Sailing by the lee 1

Of course you can sail a Blaze by the lee and to great advantage! It's a very useful technique especially in waves for exactly the same reasons as it is with the laser. The only difference is that we have shrouds which limits the booms travel.
However we do have a lot more leach than the laser and if you let off the kicker a fair way you really can sail by the lee - and much faster than the laser in most winds. The other thing you can do to help is to make sure the rig is sloppy as required by upwind sailing anyway.
When we first saw Steve Cockerill in the Blaze we really did have to scratch our heads for a while there - we had thought we were fast already downwind - until all without exception were ripped to pieces at the 2002 Warsash nationals with nearly all the damage being inflicted offwind. So it was back to being suitably humble for a few months and practicing his technique which was simply his well documented laser one translated to the Blaze. The gap was much less defined at the Portland Nationals this year so we must have learnt something in the intervening year.

Let the kicker off a bit and simply try to do what the lasers do - but remember not to  bury the 'windward' wing as you progress. I won't describe Steve's full technique - you can probabaly find it somewhere on his website if he's not provoked into responding here. Regards - Mike Lyons

Sailing by the lee 2

Question: I have dabbled a bit with sailing by the lee this year, but it never really feels 'good' and is sometimes downright unnerving since the boom can't go far out. Maybe less kicker (not currently possible with my strut) and/or more nerve is required! Answer: It may not feel 'good' at first but it certainly does when you get the benefit. If you practise is becomes easier and in the end you will actually enjoy using your newfound skill ! Don't expect to gain at first because you will probably make a mess of it - but that's very much part of the learning curve. It's what everyday club racing is for really - trying out new things without too much to lose (unless that naff bit of club glassware is really that important !)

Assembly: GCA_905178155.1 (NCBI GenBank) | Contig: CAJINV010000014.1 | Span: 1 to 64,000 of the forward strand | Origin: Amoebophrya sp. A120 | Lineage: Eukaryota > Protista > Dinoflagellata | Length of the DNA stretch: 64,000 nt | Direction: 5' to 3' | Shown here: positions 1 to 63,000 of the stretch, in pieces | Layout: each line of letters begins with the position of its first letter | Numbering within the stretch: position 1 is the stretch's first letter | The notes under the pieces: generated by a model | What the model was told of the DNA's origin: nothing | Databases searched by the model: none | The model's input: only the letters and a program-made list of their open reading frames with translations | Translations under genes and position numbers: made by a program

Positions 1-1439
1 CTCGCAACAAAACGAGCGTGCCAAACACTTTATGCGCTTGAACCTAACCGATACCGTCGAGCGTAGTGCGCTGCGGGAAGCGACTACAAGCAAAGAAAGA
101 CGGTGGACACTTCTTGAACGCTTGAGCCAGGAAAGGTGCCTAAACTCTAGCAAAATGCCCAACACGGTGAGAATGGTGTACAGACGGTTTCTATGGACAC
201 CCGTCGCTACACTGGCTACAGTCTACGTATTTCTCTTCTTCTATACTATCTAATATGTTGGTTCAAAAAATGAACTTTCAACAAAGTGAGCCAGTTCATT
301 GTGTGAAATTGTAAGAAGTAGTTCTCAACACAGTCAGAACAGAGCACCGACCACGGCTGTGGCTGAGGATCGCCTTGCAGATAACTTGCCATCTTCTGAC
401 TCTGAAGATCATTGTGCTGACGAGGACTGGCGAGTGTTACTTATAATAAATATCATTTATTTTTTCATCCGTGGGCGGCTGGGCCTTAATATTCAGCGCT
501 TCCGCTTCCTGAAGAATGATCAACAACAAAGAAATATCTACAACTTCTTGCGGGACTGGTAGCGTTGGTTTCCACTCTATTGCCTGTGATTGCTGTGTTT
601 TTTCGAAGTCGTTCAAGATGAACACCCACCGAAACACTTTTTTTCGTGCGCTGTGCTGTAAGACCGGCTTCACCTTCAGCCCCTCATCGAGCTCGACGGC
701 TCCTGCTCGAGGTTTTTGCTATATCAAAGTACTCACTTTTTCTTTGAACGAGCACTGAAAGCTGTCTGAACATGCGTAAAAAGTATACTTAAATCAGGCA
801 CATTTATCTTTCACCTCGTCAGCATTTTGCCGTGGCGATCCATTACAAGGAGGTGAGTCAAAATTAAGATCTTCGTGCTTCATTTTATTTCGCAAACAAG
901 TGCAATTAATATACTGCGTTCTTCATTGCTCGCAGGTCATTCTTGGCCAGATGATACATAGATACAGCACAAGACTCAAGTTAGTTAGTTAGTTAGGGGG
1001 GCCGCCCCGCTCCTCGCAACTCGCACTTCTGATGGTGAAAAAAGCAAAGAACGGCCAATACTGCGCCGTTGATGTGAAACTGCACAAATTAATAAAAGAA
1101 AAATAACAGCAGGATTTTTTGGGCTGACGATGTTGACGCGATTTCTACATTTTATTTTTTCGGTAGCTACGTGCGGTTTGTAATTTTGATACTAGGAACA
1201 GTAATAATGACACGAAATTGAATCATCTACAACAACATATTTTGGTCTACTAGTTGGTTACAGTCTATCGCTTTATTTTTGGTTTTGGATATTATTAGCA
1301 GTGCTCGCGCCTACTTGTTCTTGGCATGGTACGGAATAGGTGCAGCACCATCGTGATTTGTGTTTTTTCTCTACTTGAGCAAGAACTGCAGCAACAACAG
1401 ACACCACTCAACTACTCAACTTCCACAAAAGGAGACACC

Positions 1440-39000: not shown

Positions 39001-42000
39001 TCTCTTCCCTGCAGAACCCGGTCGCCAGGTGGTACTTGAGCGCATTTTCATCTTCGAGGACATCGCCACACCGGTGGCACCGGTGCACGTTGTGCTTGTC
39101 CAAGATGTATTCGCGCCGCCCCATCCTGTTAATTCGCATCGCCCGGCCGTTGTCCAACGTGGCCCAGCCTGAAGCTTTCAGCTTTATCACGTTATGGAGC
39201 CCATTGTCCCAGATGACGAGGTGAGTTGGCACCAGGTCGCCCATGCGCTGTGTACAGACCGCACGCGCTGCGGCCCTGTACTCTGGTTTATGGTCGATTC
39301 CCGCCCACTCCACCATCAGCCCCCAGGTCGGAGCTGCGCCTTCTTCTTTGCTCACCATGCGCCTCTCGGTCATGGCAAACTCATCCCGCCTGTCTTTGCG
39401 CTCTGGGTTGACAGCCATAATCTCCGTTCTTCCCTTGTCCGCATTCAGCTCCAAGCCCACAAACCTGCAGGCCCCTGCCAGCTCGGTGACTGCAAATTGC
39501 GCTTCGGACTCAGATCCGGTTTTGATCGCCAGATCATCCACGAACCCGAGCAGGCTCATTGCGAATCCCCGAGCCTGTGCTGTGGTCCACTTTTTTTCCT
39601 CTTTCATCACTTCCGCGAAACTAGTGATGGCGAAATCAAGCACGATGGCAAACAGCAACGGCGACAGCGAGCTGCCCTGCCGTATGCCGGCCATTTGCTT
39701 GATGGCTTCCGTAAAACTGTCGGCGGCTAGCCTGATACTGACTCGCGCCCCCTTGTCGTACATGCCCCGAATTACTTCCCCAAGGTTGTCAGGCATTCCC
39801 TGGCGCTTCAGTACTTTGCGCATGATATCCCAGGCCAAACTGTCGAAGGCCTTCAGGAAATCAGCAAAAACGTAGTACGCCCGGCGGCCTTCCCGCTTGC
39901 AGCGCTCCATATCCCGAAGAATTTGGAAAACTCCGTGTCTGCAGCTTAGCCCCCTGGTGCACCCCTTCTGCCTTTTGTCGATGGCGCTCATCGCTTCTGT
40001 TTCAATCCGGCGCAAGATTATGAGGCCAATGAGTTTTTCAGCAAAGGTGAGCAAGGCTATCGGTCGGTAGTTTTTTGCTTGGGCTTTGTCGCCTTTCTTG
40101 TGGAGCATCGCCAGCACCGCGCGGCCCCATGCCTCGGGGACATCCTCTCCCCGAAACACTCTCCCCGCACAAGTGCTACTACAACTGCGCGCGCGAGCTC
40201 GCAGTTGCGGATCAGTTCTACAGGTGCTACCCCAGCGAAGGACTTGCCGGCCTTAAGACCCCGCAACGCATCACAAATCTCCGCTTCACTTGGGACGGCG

Young kids learn by 'mucking around' and they try things their parents would not dare to do as they are far too 'sensible'. As a result youngsters stretch the limits and learn faster - don't worry what result you get in the short term, keep 'mucking around' and you really can learn a few new tricks along the way. In the end you will go a lot faster and enjoy it even more. Don't dabble - 'go for it' - the water is quite warm now .... Cheers - Mike Lyons

Sailing by the lee 3

I was just reading Chris  Coleman's e-mail today when an old thought popped into my head. I am the same  height and weight as him and have the same problems downwind (too long for my  own good). I secretly know what the replies to my e-mail will be and can hear  the hoots of derision but her goes.
Does anyone out there sail downwind in  the Blaze by the lee. I know this is not strictly possible because of the  stayed rig but if a knot were to be tied in the mainsheet to keep it off the  shrouds and stronger patches to protect the sail from spreader damage is it  possible.
The area I sail has some lasers and on the reach they cant get near  the Blaze in a blow but running is different because most of them can sail  well by the lee (or 4th Dimension). This means I either kneel like Chris does  or gybe all the way down the course but obviously sail much farther and as  the legs are relatively short (in a harbour) there is no advantage to doing  this.
I obviously don't want to wreck my new Mk II sail but has anyone out there  tried this approach (be nice at this point to get Steve C's  thoughts).

Well Happy Sailing all Iain Robinson Sth Shields 651